Industrial revolutions are momentous events. By most reckonings, there have been only three.
It’s not by chance that Industry 4.0 is mentioned often in State documents and speeches by government officials.
The topic even plays an important role as one of the six key tasks for the Ministry of Industry and Trade this year. Industry 4.0 is happening and Vietnam will miss the boat if it doesn’t make an appropriate response.
The term Industry 4.0 refers to the combination of several major innovations in digital technology, all coming to maturity right now and all poised to transform the energy and manufacturing sectors.
These technologies include advanced robotics and artificial intelligence, sophisticated sensors, cloud computing, the Internet of Things, data capture and analytics, digital fabrication, including 3D printing, software-as-a-service and other new marketing models, smartphones and other mobile devices, platforms that use algorithms to direct motor vehicles, including navigation tools, ride-sharing apps, delivery and ride services, and autonomous vehicles, and the embedding of all these elements in an interoperable global value chain, shared by many companies from many countries.
These technologies are often thought of separately. But when they are joined together, they integrate the physical and virtual worlds.
This change enables a powerful new way of organizing global operations: bringing the fungibility and speed of software to large-scale machinery production.
Under the Industry 4.0 model, product design and development take place in simulated laboratories and utilize digital fabrication models.
The products themselves take tangible form only after most of the design and engineering problems have been ironed out.
The networks of machinery that have engendered industrial society become hyper-aware systems of highly flexible technology, responding rapidly not just to human commands but to their own perceptions and self-direction.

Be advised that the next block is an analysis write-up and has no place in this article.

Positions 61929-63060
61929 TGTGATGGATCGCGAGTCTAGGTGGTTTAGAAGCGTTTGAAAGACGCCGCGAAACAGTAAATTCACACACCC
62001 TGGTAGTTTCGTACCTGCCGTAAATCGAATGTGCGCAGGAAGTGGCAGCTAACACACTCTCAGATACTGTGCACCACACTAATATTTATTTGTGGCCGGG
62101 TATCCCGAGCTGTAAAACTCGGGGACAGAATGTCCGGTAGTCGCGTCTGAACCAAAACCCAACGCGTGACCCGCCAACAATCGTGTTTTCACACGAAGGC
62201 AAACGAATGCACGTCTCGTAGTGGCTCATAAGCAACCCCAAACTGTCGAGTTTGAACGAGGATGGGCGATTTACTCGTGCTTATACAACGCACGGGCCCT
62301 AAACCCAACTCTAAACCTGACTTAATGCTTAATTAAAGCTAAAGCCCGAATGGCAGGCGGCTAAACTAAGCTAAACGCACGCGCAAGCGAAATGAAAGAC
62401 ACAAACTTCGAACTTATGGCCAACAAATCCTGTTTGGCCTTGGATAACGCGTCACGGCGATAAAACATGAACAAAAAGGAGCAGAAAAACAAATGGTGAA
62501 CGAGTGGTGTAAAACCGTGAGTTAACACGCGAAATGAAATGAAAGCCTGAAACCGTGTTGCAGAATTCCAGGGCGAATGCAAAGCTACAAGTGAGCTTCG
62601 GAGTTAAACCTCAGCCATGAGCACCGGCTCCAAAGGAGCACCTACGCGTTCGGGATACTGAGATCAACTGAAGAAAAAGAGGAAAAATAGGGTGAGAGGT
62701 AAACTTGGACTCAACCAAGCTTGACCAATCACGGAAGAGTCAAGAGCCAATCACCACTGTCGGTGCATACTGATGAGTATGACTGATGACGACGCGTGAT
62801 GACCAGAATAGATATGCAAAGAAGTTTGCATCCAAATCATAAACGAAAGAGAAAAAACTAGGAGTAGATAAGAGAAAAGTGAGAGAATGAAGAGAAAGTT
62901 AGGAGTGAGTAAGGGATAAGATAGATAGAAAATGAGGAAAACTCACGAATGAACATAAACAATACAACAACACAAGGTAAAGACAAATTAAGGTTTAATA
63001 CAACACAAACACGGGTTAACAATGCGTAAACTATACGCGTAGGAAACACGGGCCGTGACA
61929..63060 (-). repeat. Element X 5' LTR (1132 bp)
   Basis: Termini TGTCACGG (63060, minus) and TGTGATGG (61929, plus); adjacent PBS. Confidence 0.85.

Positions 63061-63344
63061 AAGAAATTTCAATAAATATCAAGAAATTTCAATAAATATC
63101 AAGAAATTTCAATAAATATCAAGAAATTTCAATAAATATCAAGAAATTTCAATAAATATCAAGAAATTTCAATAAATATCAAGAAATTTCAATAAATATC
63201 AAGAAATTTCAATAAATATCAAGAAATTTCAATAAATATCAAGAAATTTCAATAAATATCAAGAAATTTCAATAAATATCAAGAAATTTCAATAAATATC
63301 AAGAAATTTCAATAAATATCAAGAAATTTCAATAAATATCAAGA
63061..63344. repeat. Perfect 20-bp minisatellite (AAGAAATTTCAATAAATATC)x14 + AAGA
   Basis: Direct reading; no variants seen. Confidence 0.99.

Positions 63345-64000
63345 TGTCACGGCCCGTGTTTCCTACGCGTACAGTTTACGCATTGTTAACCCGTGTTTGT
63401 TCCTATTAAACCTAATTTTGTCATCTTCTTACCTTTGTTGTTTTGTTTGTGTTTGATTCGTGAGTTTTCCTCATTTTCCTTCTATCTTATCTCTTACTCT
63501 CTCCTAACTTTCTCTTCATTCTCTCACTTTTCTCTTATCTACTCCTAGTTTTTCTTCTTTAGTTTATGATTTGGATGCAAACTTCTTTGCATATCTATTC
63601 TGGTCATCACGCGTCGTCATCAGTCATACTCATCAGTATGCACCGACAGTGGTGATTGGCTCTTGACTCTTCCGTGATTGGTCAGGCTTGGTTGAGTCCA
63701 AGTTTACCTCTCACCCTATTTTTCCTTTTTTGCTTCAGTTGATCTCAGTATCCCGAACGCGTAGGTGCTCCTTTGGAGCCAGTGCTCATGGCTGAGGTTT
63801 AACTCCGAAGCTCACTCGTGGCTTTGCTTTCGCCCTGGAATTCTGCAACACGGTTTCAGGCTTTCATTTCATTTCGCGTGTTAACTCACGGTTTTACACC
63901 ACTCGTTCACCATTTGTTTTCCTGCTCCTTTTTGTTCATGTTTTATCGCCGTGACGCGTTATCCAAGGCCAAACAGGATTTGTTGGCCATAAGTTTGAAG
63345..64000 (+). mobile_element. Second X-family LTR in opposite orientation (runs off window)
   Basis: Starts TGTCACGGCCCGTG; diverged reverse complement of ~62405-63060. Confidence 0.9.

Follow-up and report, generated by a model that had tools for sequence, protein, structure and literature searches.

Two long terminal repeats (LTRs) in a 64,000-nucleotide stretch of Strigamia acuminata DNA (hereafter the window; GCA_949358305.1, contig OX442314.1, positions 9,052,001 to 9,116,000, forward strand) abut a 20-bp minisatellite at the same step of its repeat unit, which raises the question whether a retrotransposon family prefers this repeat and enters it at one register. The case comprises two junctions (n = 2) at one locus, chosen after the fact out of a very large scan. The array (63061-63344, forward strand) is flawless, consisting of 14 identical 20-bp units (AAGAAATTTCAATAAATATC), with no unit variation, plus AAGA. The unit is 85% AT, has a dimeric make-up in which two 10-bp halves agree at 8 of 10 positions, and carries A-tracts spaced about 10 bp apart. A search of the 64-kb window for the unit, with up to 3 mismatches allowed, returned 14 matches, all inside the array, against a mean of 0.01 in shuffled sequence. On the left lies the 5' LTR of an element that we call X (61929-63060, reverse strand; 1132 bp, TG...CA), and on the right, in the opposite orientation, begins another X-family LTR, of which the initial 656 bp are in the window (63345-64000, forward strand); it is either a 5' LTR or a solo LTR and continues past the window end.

There are many reasons for Vietnam to take up Industry 4.0. Emerging countries like Vietnam will actually have the most to gain.
It can leverage digitization to gain efficiency in its horizontal integration, working with the global manufacturers to whom it supplies all manner of raw materials, parts, and components.
The more closely Vietnamese companies align with the platforms of Industry 4.0, the more potential customers it will be able to reach.
Vietnam has become a manufacturing hub for transnational companies in recent years. Enterprises from advanced economies have come to the country to cut labor costs, but this is now irrelevant.
Adidas’s new shoe robotics can make a pair of shoes in 1.8 minutes from scratch. Such technology will soon be in shoe stores, making bespoke shoes for customers.
Companies don’t develop robotics because they are cool, but to get away from relying on Vietnamese labor.
Foreign direct investment (FDI), while still coming in large volumes, will end or dwindle to nothing at a certain point.
The government understands this, and is telling Vietnamese companies to stand on their own two feet and move with alacrity because they know that FDI capital isn’t forever.
Prime Minister Nguyen Xuan Phuc warned last year about the return of protectionism, with many governments considering making international trade more difficult and making it harder for people and products to move across borders.
Industry 4.0 can overcome such barriers by enabling companies to transfer their intellectual property, including their software, while allowing each country to maintain its own manufacturing networks.
Future advances in 3D printing, for example, will enable virtually any company to set up shop anywhere, and to fabricate components, spare parts, and potentially industrial equipment without having to ship the finished pieces. Operations will become more global and more local at the same time.